Secretary of Defense William Cohen has confirmed that CNN’s nerve gas smear of American soldiers was used by Saddam Hussein and Iraq to damage America’s reputation in the world. At a news conference at the Pentagon, Cohen said, “…Iraq immediately incorporated CNN’s charges into its anti-U.S. propaganda campaign in an effort to attempt to deflect attention from its own outlawed chemical and biological weapons programs.” Cohen noted that the CNN program “was telecast throughout the Middle East and throughout many parts of the globe.”
Concerning the possibility that the CNN story reflects an anti-military bias among journalists, Cohen said, “I’m not drawing any conclusions.” He was asked that question because a week earlier the Wall Street Journal had published an article by James Webb. a former Secretary of the Navy and Vietnam veteran, under the headline, “The Media’s War on Vietnam Vets.” Webb said that literally thousands of journalists had published lies, exaggerations and misrepresentations about those who served in Vietnam,and that the CNN report was another example of this trend.
Webb singled out CBS News, noting that the CBS Evening News had run a story claiming that serving in Vietnam had been scientifically linked to various emotional problems, including suicide. The story was based on a flawed study, a piece of “junk science,” as Webb put it. Earlier this year, CBS’ 60 Minutes ran an anniversary piece on the My Lai massacre in Vietnam, where U.S. troops murdered civilians. Webb points out that CBS could have run a story about American bravery during the war or recounted much more serious Communist atrocities. But CBS chose not to.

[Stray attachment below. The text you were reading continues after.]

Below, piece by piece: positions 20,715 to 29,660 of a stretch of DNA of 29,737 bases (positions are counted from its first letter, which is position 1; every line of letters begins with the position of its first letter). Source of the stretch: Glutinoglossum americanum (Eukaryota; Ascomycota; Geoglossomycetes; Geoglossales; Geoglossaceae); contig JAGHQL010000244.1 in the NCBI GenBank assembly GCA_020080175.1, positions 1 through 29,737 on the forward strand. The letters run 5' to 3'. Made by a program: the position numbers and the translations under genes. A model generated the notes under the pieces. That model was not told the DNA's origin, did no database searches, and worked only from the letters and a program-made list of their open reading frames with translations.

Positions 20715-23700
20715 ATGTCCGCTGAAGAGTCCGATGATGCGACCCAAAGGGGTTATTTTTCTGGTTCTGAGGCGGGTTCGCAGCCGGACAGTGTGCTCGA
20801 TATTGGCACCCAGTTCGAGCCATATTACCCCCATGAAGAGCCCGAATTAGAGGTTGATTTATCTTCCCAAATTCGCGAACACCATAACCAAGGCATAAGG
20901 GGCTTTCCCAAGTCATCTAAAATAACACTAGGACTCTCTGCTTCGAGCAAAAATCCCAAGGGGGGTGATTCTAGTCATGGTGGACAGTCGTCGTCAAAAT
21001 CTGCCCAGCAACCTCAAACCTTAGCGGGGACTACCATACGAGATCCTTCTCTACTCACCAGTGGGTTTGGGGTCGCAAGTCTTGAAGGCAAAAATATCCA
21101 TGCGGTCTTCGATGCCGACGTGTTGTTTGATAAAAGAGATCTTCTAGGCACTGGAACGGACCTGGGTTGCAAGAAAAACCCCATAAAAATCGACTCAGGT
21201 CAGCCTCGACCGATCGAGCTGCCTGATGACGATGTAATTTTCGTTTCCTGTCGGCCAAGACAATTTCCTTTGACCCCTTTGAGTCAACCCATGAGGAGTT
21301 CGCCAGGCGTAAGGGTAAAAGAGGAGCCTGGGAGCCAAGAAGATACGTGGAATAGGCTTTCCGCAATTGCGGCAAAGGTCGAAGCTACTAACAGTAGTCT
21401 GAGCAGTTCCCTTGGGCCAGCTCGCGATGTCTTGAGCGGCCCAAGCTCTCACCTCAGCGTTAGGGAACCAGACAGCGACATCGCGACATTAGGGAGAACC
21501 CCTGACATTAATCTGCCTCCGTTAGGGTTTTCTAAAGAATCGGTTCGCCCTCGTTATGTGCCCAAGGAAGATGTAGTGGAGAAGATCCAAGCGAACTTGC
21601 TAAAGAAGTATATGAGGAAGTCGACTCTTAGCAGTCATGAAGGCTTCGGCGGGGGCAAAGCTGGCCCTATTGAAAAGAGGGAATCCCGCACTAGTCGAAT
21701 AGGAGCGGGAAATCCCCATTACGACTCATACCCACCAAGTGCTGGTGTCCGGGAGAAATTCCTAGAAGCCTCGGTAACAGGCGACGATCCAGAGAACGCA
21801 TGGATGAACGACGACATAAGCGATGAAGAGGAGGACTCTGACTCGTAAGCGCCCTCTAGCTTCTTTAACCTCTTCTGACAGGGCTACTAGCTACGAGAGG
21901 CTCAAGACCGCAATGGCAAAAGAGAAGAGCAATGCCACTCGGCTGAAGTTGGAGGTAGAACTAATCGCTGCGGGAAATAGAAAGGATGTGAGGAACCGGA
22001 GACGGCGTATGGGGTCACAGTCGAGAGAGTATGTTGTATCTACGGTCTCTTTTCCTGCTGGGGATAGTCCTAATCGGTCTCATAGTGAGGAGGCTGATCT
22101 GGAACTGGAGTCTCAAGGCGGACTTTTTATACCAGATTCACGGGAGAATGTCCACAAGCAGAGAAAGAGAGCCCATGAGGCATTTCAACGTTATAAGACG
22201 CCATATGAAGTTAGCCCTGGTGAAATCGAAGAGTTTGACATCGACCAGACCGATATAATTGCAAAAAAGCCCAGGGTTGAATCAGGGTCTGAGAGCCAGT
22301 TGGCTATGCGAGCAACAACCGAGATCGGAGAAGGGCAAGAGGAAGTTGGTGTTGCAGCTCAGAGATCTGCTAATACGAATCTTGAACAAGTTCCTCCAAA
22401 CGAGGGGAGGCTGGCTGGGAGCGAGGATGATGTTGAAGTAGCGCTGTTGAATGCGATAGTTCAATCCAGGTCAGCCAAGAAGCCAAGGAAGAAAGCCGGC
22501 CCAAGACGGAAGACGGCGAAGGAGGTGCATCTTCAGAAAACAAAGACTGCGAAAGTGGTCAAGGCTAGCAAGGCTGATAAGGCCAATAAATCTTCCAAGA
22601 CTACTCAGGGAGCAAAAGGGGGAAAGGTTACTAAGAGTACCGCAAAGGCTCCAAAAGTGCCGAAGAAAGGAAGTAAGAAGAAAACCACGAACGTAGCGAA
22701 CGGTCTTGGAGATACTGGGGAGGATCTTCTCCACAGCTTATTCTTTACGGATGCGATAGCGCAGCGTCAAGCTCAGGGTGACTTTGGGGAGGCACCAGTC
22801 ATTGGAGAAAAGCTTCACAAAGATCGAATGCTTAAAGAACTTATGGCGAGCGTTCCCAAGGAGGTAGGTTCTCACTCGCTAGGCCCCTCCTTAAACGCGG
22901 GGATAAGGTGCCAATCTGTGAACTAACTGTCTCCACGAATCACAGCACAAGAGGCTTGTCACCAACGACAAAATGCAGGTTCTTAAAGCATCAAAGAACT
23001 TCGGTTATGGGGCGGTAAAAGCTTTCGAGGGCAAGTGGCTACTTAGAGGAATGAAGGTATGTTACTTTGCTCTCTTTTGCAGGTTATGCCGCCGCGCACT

What accounts for some of these stories? Webb doesn’t say so directly, but he suggests it was support for the Communist enemy. He points out that one Hollywood gathering, which was honoring an anti-Vietnam war film, erupted into a standing ovation when it was announced that the Communists had taken control of South Vietnam in 1975.
In the case of CNN, it chose to commit several staffers to several months’ work on a story that also smeared Vietnam veterans. Now that a few staffers have been fired and a retraction and apology issued, CNN wants us all to forget what has taken place. But we can’t do that, partly because of what Secretary Cohen said—the CNN report played into the hands of America’s enemies.
Last year, in releasing a special report on chemical warfare, Secretary Cohen said that Iraq had enough VX nerve gas to wipe out humanity. Referring to the findings of weapons inspectors. Now the UN believes that Saddam may have produced as much as 20 tons of VX, and this would theoretically be enough to kill every man, woman and child on the face of the earth.” CNN could have assigned its own reporters to get to the bottom of such reports, to determine what Iraq was hiding. Instead, its reporters were already proceeding to concoct a phony story about American use of nerve agents 30 years ago. And this lie was broadcast worldwide.